Pelvic Pain Specialist

Gae Rodke, MD, FACOG

Gynecology & Aesthetics located in Upper West Side, New York, NY

If you’ve been dealing with acute or chronic pelvic pain and other doctors haven’t been able to diagnose the cause, see Gae Rodke, MD, FACOG, on the Upper West Side of New York City. Dr. Rodke evaluates all possible factors that contribute to pelvic pain, including disc herniations, in order to provide an exact diagnosis and effective treatment to relieve your symptoms. To schedule a consultation with Dr. Rodke, call or use the online booking tool today.

Pelvic Pain Q & A

What causes pelvic pain?

There are many possible causes of pelvic pain, including:

  • Uterine fibroids
  • Endometriosis
  • Ovarian cysts
  • Appendicitis
  • Colon problems, including irritable bowel syndrome and ulcerative colitis
  • Fibromyalgia
  • Diverticulitis
  • Kidney stones
  • Urinary tract infections

Although most of the problems causing pelvic pain start in your pelvic region, that’s not always the case. An upper lumbar (upper back) disc herniation can cause serious pelvic pain that starts in your spine.

Your upper lumbar spine houses nerves that control your pelvic region, including your intestines and bladder, sexual organs, and muscles of your pelvis. If you have a disc herniation in your upper lumbar spine, the disc can put pressure on the nerves in the area and cause pelvic pain. 

If you experience pelvic pain, Dr. Rodke examines your pelvis and spine to determine the cause of your discomfort so she can prescribe the best course of treatment.

How does a herniated disc trigger pelvic pain?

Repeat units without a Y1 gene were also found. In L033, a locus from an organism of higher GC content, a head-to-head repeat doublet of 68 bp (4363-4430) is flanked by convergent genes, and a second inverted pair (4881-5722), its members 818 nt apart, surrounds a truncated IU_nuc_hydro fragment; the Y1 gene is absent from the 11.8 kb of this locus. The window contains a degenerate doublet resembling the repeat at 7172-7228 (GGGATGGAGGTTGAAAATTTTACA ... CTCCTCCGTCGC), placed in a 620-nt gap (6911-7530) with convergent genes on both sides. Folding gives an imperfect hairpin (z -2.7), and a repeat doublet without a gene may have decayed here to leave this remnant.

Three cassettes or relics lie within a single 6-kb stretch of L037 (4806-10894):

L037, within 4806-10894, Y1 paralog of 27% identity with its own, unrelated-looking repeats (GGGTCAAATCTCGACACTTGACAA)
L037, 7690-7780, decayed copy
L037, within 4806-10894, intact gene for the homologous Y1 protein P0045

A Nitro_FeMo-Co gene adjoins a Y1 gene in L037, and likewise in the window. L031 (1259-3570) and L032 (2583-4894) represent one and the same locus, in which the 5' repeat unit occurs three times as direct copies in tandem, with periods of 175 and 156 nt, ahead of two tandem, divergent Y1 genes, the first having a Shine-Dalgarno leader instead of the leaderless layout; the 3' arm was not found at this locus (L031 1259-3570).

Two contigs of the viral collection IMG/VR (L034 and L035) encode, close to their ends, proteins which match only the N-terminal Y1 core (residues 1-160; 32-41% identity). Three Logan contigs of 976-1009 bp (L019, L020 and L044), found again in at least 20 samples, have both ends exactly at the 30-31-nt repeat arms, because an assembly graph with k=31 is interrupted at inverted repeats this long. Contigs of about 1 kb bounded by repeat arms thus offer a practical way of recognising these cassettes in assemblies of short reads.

Herniated discs that cause pelvic pain are most often the result of wear-and-tear or repetitive movements. Other possible causes of herniated discs include:

  • Trauma, such as a direct impact on your spine or a car accident
  • Bending and twisting movements
  • Prolonged poor posture, especially sitting for long periods
  • Using your back to lift a heavy object
  • Compressive forces on your spine, including running and jumping
  • Coughing or sneezing

Poor posture and reduced core strength can increase your risk of developing a disc herniation. Women are more vulnerable to developing a herniated disc during pregnancy. If you’re at risk, discuss preventive options with Dr. Rodke.

How is pelvic pain treated?

Treatment of pelvic pain varies based on the cause of the pain, the severity of your symptoms, and situation. If your pelvic pain is caused by reproductive system conditions like endometriosis or uterine fibroids, oral contraceptives or hormone therapy can regulate your hormones to control the tissue overgrowth at the root of your pain.

If your pelvic pain is only present during sexual intercourse, Dr. Rodke might recommend a noninvasive vaginal revitalization treatment like MonaLisa Touch®. This treatment can restore vaginal elasticity, correct vaginal atrophy, and improve natural lubrication, without medication.

For a disc herniation. Dr. Rodke can recommend anti-inflammatory medication, muscle relaxants, injection therapy, and other customized treatments. If advanced treatments, such as injections or surgery are needed for disc herniation, she provides referrals to orthopedic specialists in the area.

In the case of chronic conditions like fibromyalgia, antidepressants are often helpful, especially if you also make lifestyle adjustments like lowering your stress.

Dr. Rodke looks for the root cause of your pelvic pain so she can prescribe the most appropriate and effective treatments. She also uses the most conservative measures possible to relieve your symptoms.

Understand the root cause of your pelvic pain by setting up an exam with Dr. Rodke online or by phone now.